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Hari Ganu Bhagade and ors. Vs. Gangadhar Vithal Gulavni and ors. - Court Judgment

LegalCrystal Citation
CourtMumbai
Decided On
Judge
Reported inAIR1916Bom100; 37Ind.Cas.299
AppellantHari Ganu Bhagade and ors.
RespondentGangadhar Vithal Gulavni and ors.
Excerpt:
khoti lands - kolaba district--transfer-without per mission of khot--forfeiture transferee, liability of. - .....judge has cited a number of decisions, which establish that alienation by a khoti tenant of his khoti lands in the kolaba district works as a forfeiture.3. the lower appellate court, accepting that custom as established, discusses a counter-custom set up by the defendants to the effect that khoti tenants were entitled to transfer their holdings, and he holds the custom is not proved.4. the learned pleader for the appellants argues that although the custom may be established that a khoti tenant cannot transfer his occupancy holding without the permission of his khot, it does not follow that the khot can upon such transfer enter upon the land to the prejudice of the transferee. it may be that the expression forfeiture' is inappropriate to the consequences which result from an.....
Judgment:

1. The plaintiffs sue to recover possession of certain lands in the Kolaba District, on the ground that they were entitled so to do by reason of their occupancy tenants having assigned those lands to other persons without permission of the plaintiffs, who were the khots.

2. The learned Trial Judge has cited a number of decisions, which establish that alienation by a khoti tenant of his khoti lands in the Kolaba District works as a forfeiture.

3. The lower Appellate Court, accepting that custom as established, discusses a counter-custom set up by the defendants to the effect that khoti tenants were entitled to transfer their holdings, and he holds the Custom is not proved.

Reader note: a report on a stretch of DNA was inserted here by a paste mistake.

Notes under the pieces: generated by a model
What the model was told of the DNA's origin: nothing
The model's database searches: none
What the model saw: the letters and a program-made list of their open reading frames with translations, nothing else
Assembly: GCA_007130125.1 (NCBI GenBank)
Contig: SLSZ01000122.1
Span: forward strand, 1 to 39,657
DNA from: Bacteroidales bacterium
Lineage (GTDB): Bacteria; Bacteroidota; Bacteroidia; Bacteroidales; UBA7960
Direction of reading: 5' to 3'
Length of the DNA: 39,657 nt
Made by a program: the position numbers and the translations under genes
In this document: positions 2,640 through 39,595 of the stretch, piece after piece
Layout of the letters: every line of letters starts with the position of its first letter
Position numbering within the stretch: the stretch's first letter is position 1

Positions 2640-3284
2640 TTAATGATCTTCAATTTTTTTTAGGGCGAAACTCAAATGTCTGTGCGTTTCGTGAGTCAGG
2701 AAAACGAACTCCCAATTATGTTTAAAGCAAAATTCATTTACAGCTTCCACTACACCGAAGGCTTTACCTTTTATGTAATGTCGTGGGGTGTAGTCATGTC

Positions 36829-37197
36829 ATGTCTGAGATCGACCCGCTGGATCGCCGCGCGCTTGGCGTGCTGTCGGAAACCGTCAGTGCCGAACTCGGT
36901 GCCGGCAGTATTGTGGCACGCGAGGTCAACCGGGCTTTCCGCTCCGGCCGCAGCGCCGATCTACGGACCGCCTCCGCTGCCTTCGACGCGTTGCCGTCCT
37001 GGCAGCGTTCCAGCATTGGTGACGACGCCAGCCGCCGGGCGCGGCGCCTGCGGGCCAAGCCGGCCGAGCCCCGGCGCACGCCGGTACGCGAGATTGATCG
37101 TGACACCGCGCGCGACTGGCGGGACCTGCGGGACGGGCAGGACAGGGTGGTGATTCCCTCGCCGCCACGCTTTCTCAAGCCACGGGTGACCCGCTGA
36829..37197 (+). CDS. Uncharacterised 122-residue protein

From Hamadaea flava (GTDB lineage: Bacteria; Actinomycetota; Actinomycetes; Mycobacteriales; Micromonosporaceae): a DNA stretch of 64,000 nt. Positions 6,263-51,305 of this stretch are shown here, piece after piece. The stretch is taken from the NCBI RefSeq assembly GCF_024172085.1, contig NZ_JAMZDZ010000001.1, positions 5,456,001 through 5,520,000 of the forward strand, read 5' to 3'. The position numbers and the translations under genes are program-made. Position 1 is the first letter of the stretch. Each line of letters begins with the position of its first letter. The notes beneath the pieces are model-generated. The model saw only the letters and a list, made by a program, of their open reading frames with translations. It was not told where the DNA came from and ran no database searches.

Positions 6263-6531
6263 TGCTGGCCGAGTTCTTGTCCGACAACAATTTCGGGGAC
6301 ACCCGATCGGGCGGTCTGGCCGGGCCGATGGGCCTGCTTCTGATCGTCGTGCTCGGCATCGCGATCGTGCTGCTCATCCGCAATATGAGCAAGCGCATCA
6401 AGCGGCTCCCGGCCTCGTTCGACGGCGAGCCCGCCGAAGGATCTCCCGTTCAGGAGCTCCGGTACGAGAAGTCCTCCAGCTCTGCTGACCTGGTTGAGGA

4. The learned Pleader for the appellants argues that although the custom may be established that a khoti tenant cannot transfer his occupancy holding without the permission of his khot, it does not follow that the khot can upon such transfer enter upon the land to the prejudice of the transferee. It may be that the expression forfeiture' is inappropriate to the consequences which result from an unauthorised transfer of an occupancy holding, but the result must be that the khot is entitled to re-enter for the reasons stated by Sir Richard Couch in the analogous case in Bengal of the zemindar and his occupancy tenants. In Narendra Narayan Roy Chowdhry v. ishan Chandra Sen 13 B. L.R. 274 : 22 W.R. 22, the learned Chief Justice says: If a ryot having a right of occupancy endeavours to transfer it to another person, and, in fact, quits his occupation, and ceases himself to cultivate or hold the land, it appears to me that ho may be rightly considered to have abandoned his right, and that nothing is left in him which would prevent the zemindar from recovering the possession from the person who claims under the transfer.' That decision was applied by a Bench of this Court' to the case of an unauthorised' sale of land by a khoti tenant: see Nagardas Sobhagyadas v. Ganu Balu (1891) P.J. 107. The remedy appears to be appropriate, even if it be taken that prior to the passing of the Khoti Act of 1880, no khot was anything more than a farmer of revenue, for he was under an obligation to pay a certain revenue to Government, and if the occupancy tenant, to whom he looked to render his share of the revenue, transferred the land to some one whom the khot did not approve of, the remedy of the khot would be to go on to the land and collect the produce for himself so as to be able to discharge his obligations to Government. The finding, however, of custom in favour of the plaintiffs does not dispose of the case, because the receipt book shows that the transferees have paid khoti profits to the khot which have been accepted. The contention of the defendants in appeal to the lower Appellate Court was that they had paid dhara and fayda since 1897, and the plaintiffs knew of their possession under the transfer, but accepted the dhara and fayda at their hands, and, therefore, had indirectly consented to the alienations, and had no right to maintain the suit The learned Trial Judge disposed of that point by saying that the fact of plaintiffs' knowledge of the transfers was not proved by the defendants. The learned Judge with appellate powers, however, notwithstanding the reference to the point in the judgment of the Trial Judge, says: 'The appellant did not urge in the Court below that the plaintiff knew of the alienation to him, and it is now too late to urge that plea.' He appeal's to have overlooked the reference to the point in the judgment of the lower Court. But it is necessary for the decision of the case that that point should be decided. We must, therefore, remand to the lower Appellate Court for decision the issues---When the plaintiffs first knew of the alienations by the khoti tenants to the other defendants, and whether with such knowledge they accepted payment of dhara or fayda from the transferees, and whether such conduct amounts to a waiver of forfeiture or ratification of the transfer? The finding to be returned within one month. No further evidence to be taken.


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